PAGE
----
Some Over-the-Counter Drugs May Be As Effective as Surgery for Chronic Sinusitis Treatment
A new study offers some surprising answers to offering chronic sinusitis treatment. According to the study, those with this condition may find great relief in quality of life with nasal sprays and other nonsurgical treatments. For those with chronic sinusitis, this is great news because surgery may not be the best way to treat this infection. The general rule is: the less invasive treatment is the best response to most conditions.
Chronic sinusitis treatments can include nasal sprays and antihistamines may be as effective as surgery in helping some patients achieve a better quality of life, the small study found.
The study was funded by the U.S. National Institutes of Health and published online Oct. 29 in the journal JAMA Otolaryngology-Head & Neck Surgery. Dr. Jordan Josephson, a sinus specialist at Lenox Hill Hospital in New York City, said, “Chronic sinusitis is the number one cause for chronic fatigue and is closely associated with snoring and sleep apnea.
Thirty-eight patients with chronic sinus infections were given medical therapy rather than having surgery. “Patients who have relatively minimally reduced productivity at work and minimally reduced quality of life from their underlying chronic sinusitis can avoid getting worse by continuing with medical
therapy,” said lead researcher Dr. Luke Rudmik, a clinical associate professor of endoscopic sinus and skull base surgery at the University of Calgary in Canada.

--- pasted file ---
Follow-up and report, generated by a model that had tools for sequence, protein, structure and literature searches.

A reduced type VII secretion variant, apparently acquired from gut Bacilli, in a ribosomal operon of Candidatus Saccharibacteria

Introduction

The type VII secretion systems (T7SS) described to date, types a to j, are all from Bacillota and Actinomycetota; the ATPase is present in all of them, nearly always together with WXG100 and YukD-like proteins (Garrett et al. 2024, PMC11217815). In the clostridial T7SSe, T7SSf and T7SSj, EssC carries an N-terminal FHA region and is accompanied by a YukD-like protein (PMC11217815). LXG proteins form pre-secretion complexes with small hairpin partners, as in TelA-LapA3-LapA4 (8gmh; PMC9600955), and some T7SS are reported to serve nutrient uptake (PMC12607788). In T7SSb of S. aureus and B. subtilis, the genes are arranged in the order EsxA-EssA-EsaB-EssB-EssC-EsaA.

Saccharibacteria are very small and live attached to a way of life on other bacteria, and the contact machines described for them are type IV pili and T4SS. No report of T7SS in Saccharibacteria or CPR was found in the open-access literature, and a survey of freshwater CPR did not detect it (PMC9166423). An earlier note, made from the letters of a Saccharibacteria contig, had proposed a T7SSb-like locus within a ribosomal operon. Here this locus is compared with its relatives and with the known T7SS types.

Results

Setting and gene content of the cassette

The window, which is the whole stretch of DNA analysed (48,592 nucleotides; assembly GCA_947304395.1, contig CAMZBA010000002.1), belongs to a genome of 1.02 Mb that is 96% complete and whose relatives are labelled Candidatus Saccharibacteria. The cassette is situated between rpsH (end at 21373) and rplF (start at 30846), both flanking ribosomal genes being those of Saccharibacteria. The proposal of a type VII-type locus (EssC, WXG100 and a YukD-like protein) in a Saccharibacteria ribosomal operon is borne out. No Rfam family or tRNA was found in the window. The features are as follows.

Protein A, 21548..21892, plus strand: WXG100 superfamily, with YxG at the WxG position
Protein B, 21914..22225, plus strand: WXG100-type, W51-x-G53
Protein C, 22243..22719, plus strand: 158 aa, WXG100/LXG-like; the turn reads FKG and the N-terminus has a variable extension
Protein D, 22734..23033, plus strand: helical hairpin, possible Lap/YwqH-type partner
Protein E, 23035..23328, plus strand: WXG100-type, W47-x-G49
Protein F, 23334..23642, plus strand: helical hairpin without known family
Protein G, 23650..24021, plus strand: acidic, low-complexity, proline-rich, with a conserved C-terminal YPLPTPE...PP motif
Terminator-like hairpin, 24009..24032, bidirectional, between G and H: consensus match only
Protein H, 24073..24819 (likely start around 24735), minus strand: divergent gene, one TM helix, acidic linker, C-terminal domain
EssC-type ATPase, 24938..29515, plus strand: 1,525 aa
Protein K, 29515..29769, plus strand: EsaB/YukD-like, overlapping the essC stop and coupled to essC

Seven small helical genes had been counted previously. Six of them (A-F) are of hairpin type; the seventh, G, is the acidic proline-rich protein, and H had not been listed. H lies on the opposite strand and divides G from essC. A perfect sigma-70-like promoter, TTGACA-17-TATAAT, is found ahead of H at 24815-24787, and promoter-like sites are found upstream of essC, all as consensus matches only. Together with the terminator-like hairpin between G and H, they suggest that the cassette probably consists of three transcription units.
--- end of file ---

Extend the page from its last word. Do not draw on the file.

The decision to choose medical therapy versus surgery for chronic sinusitis should be based on patient preference, and the decision for each treatment should involve an honest conversation between the doctor and patient so that the patient understands the expected outcomes and potential risks.
Surgery, however, can be a good option too for people with severe sinus infections. Surgery is just an aide to the necessary long-term medical plan that is required to improve the quality of these patients’ lives. Surgery can be minimally invasive, performed with local anesthesia. During surgery, the doctor uses probes and a laser to remove tissue and bone and polyps that have developed during the infection and are narrowing the nasal passages.
With newer surgical techniques, these procedures allow most patients to be free of black-and-blue marks, with most going home the same day. After surgery, patients still need their medical treatment because the procedure doesn’t stop the running nose. The best chronic sinusitis treatment is designed for each patient.
The best news here is that traditional treatments, alternative treatments, and surgical techniques that have failed patients in the past have been renewed and improved so that for them new medical and surgical treatments may offer significant improvements for their quality of life.